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Psychotherapy is a general term referring to therapeutic interaction or treatment contracted between a trained professional and a client, patient, family, couple, or group. The problems addressed are psychological in nature and of no specific kind or degree, but rather depend on the specialty of the practitioner.
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What are the pros and cons of psychotherapy?
I'll rephrase what NeuroFreud said. Which was completely accurate, by the way.
Psychotherapy is what we call the process of treating people with emotional and mental difficulties.
A psychotherapist is a professional who works with a client (or clients), and helps them to devise ways to overcome the emotional and psychological issues that are making their life difficult.
For example, if you are having issues with anxiety, depression,
or if you are going through a really tough time with a traumatic event, such as divorce, or the death of a loved one,
or you want to mend your relationship with a spouse, or family member,
a psychotherapist can help.
Throughout the process called "psychotherapy," the psychologist works with you,
to help you plan your daily routine,
to help you challenge the thoughts in your mind, that make your life difficult,
so that you can live a happy life.
And there are many different forms of psychotherapy.
There are many different ways of helping someone get their emotional life back on track.
The most widely used form of psychotherapy, today, is cognitive-behavioral therapy.
Cognitive behavioral therapy is based off of the idea that thoughts create feelings, and behaviors.
That means that our feelings, and the things that we do, come from the thoughts inside our heads.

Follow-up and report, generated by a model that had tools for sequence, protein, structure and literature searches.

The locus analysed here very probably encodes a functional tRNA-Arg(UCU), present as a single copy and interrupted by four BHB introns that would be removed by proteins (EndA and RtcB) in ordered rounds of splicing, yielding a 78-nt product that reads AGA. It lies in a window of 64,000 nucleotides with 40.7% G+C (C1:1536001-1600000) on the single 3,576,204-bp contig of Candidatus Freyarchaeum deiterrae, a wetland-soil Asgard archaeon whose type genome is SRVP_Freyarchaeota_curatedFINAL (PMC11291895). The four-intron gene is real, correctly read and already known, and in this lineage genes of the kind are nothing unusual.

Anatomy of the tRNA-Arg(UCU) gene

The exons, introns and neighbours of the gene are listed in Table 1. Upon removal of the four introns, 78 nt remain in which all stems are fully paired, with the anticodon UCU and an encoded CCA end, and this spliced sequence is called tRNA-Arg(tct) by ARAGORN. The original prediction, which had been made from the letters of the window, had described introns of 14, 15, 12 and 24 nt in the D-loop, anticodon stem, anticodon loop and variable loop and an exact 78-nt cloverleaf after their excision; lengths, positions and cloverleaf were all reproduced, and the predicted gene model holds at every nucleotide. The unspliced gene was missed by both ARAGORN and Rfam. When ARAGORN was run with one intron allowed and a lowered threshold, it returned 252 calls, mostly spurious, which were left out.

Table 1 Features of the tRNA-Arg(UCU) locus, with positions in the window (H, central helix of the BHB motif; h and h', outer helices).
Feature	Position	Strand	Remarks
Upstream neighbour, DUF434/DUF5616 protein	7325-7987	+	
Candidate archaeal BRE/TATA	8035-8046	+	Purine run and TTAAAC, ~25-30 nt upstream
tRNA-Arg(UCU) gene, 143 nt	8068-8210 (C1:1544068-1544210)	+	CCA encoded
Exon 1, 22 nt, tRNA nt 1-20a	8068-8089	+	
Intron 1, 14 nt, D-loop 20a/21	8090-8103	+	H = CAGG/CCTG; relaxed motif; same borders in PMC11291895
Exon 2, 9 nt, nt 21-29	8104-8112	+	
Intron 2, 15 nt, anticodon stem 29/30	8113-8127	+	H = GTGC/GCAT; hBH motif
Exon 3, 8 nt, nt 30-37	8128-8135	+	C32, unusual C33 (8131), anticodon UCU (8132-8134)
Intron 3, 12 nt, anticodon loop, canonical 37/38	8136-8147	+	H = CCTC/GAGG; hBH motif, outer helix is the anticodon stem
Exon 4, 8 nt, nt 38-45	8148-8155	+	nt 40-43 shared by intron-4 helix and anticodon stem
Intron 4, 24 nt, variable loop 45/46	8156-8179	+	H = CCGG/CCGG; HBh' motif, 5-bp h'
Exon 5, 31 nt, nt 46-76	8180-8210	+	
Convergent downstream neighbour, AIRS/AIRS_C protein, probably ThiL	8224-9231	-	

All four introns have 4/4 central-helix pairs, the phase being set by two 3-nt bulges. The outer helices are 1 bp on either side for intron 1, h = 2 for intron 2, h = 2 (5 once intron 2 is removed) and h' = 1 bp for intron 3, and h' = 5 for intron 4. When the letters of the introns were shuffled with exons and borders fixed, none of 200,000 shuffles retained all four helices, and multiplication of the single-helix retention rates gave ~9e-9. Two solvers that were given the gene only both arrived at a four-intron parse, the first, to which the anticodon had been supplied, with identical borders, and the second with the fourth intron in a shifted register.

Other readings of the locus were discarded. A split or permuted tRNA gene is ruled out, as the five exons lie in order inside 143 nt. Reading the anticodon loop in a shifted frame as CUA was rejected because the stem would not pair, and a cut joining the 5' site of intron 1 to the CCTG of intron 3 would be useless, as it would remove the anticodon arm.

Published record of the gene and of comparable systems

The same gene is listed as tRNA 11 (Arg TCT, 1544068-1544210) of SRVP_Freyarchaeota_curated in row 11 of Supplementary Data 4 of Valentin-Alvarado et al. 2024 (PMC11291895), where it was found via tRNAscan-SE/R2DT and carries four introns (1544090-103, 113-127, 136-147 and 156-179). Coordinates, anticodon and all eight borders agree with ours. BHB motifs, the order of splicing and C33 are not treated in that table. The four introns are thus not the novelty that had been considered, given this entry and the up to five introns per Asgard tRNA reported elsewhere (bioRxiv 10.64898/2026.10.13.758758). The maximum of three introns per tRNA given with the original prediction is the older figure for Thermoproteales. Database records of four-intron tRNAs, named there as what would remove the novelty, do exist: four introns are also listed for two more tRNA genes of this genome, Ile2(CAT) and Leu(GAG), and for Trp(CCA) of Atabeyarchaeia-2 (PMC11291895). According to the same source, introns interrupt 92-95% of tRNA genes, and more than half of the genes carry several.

So, when people have "maladaptive thoughts," (bad thoughts)
they feel emotionally unwell,
and they tend to behave in ways that only make them think and feel worse.
The big "pro" to psychotherapy is that if you do it the way you're supposed to, then it usually works.
Psychotherapy helps people to rediscover happiness and meaningfulness, in their lives.
If a client in psychotherapy has a mental disorder than cannot be cured, then the psychotherapist can still help the client find ways to cope with their problems, and invent ways to learn to live with their challenges.
Having good emotional health means having good physical health.
Psychotherapy can help people achieve good emotional health.
And people with good emotional health tend to live longer, and experience less physical illness.
The "con" is the simple fact that psychotherapy doesn't work for everyone, for many possible reasons.
A psychotherapist might have a client who isn't willing to cooperate, or isn't emotionally ready for psychotherapy.
Or, a client might have a psychotherapist who is unskilled, and doesn't know how to provide the structure that the client needs.
We also know that some mental disorders, like schizophrenia, just can't be cured. Psychotherapy isn't magic. It's limited.
I realize that this question has been closed, but I hope that this still helps you get an idea for what psychotherapy is.
If you have anymore questions about psychotherapy, or psychology in general, please ask. I'll answer if I feel that I understand what you're looking for.
What are the books you use for psychology?
You mean classroom books? Textbooks?
The AP Psychology book that we used back in high school was called...
"Psychology," by David G. Myers.
How will you improve your knowledge about psychology? What are the sources and resources you use?
I study psychology in college. So, my classes are a big source of my knowledge.
I also read a handful of books written by psychologists, in my free time. Not textbooks, like the ones we use in class. But informational books about specific topics, that I buy at bookstores.
Can you suggest me some books writen by psychologists?
Well, since you asked a question about psychotherapy, I'll tell you the names of the two books that I read, when I first started studying psychotherapy.
"Making Cognitive Behavioral Therapy Work,"
by Deborah Roth Ledley, Brian P. Marx, and Richard G. Heimberg
"Cognitive Therapy Techniques,"
by Robert Leahy